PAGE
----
This Week’s Summary of Articles from Public Spend Matters Europe

procurement news

Here's a summary of our stories from around Europe on Public Spend Matters Europe this week. There’s a new article every day and many are attracting comments from experts. Each Friday, we are featuring a briefsummaryof the main articles published that week on PSME. If you see something of interest, please click through and take a look at the whole thing.

More European SMEs To Benefit from New Finance Programmes

The EC is setting up more programmes to get direct financial support to Eastern European SMEs. In Bulgaria, a new operational programme called “SME Initiative” will allow SMEs to access €102 million from the European Regional Development Fund (ERDF). the European Commission also adopted a programme that will invest over €78 million in EU Regional funds in the border region of Austria and Hungary. It has approved Latvia’s project to develop a financial institution to improve funding access for SMEs. And Turkey is also set to receive a financial boost after the European Bank for Reconstruction and Development (EBRD) agreed to a loan worth €60 million with Turkish Odeabank. You can read more about the details behind these initiatives in the article.


The Greek Negotiation Strategy – How NOT To Use a BATNA!

Greece conceded and agreed pretty much the package of austerity measures that their referendum had rejected just days earlier. Spending cuts, VAT increases, reductions in defence spending – all elements of the deal that had been resisted are now agreed. Frankly, this has been an appalling performance by Syriza and Alexis Tsipras, who seem to have achieved nothing but six months of the Greek economy going backwards. In the end, as so often in negotiations, it came down to the BATNA.
Procurement Challenge in Bristol Brings Evaluation Methodology Issues Into Focus

A recent legal case in the UK (a challenge to a procurement run by Bristol Council) has a number of interesting implications for contracting authorities potentially across Europe. Bristol Missing Link Ltd, the incumbent supplier, challenged the procurement of a significant contract for domestic violence and abuse support services in Bristol. The defendant, Bristol City Council, wants to award the contract to another tenderer. Because of the challenge, the Council had been stopped from entering into the proposed contract, but as often happens, had applied to the court to lift the ban and be allowed to place the contract. The judge refused -- here's what happened.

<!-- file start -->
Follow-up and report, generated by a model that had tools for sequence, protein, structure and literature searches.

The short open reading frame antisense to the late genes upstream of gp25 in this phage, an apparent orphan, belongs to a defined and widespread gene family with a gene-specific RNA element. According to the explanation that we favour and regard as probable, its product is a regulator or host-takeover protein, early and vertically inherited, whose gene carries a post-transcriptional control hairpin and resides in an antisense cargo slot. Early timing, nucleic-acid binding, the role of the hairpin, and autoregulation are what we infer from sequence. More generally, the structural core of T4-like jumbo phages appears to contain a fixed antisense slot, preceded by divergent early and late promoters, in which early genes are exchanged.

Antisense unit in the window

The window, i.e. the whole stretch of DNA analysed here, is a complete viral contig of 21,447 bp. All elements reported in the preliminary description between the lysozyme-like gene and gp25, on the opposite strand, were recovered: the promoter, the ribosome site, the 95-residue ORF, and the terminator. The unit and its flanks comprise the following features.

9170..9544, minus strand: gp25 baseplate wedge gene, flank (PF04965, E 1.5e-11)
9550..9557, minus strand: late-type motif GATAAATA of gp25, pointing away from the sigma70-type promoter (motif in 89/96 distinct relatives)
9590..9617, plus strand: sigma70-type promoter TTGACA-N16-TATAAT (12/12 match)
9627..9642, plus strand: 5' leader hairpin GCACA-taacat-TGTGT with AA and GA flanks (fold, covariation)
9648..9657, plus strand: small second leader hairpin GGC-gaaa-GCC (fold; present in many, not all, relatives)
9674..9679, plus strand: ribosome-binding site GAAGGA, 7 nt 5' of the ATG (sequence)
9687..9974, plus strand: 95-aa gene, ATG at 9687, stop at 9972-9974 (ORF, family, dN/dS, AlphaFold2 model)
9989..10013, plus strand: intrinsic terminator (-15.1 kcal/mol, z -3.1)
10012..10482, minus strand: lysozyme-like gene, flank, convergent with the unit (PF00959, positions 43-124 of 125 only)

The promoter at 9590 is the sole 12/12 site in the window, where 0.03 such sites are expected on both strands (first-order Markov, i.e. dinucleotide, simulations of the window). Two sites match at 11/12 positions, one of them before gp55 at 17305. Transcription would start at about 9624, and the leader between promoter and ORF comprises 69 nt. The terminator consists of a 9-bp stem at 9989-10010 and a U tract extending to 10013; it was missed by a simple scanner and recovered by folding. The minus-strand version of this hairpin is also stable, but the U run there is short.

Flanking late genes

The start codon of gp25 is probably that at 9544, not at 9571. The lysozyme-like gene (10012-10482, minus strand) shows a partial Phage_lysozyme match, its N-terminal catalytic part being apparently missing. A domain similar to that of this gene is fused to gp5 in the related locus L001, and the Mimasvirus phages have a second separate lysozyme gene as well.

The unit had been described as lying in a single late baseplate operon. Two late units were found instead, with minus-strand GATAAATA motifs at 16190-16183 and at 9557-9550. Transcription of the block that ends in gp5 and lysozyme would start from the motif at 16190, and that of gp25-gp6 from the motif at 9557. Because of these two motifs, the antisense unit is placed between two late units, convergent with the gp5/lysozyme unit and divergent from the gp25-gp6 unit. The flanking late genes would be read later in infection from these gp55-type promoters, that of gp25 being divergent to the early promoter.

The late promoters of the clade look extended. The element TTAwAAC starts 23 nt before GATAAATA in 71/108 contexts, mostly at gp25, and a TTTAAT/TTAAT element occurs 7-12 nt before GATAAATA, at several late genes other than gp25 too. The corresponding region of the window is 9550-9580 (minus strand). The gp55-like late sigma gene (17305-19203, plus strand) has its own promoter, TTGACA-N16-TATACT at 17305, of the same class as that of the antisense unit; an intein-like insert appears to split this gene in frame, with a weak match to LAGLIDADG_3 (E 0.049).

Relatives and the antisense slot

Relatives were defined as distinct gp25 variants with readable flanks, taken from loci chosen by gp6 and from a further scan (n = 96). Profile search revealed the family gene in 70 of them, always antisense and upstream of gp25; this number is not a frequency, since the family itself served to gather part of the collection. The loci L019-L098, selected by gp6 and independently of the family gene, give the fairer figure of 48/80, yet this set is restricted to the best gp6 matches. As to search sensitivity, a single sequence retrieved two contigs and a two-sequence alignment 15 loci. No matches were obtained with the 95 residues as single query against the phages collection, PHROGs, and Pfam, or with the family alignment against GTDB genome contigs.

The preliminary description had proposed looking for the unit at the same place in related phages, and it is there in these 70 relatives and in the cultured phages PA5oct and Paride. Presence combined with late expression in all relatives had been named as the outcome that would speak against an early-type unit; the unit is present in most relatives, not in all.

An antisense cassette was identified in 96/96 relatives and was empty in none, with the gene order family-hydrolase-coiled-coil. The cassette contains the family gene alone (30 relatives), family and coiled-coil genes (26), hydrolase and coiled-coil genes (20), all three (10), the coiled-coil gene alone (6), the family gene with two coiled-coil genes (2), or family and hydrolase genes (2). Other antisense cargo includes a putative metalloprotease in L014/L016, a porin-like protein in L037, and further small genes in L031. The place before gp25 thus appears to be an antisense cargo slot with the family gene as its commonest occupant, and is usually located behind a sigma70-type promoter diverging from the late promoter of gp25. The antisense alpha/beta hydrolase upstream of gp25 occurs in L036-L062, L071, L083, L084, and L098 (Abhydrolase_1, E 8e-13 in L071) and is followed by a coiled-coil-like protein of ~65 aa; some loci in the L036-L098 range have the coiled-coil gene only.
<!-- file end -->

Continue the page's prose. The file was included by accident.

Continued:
eInvoicing in Europe – How Much Has It Really Taken Off?

Could 2015 be the year that goes down in public procurement history as the year of widespread adoption of eInvoicing across Europe? The race is on, and growing in momentum. But recent research by Billentis/Basware, and reported by, uncovered that “… despite all the talk of mass e-invoice adoption, Billentis has found that only about 42 billion of the world’s estimated 500 billion invoices are digitized. That figure amounts to just 8.4 percent.” In terms of Europe however: “While the e-invoicing market, on average, sees up to 3 percent growth every year, Europe alone experiences e-invoice expansion as high as 7 percent.” So the effects of deadlines and scrambling to get systems ready in time, is paying off.

Is Germany Really a "Good European" Citizen? Bribery and Procurement Data Suggests Not Always!

The animosity between Greece and Germany has been an unfortunate consequence of the recent crisis in the Greek economy and the debate about that country’s participation in the Euro. Many German citizens object to the amount of “their” money that has gone to prop up the Greeks, whilst bad feeling amongst the Greek people can often be traced back to the German occupation of Greece during World War II. We also know that corruption has been a major issue in Greece, but there is an irony, in that German firms have played a major role historically as one source of public procurement corruption in Greece, particularly but not exclusively in the defence sector ...

Share on Procurious

Discuss this:

Your email address will not be published. Required fields are marked *

This site uses Akismet to reduce spam. Learn how your comment data is processed.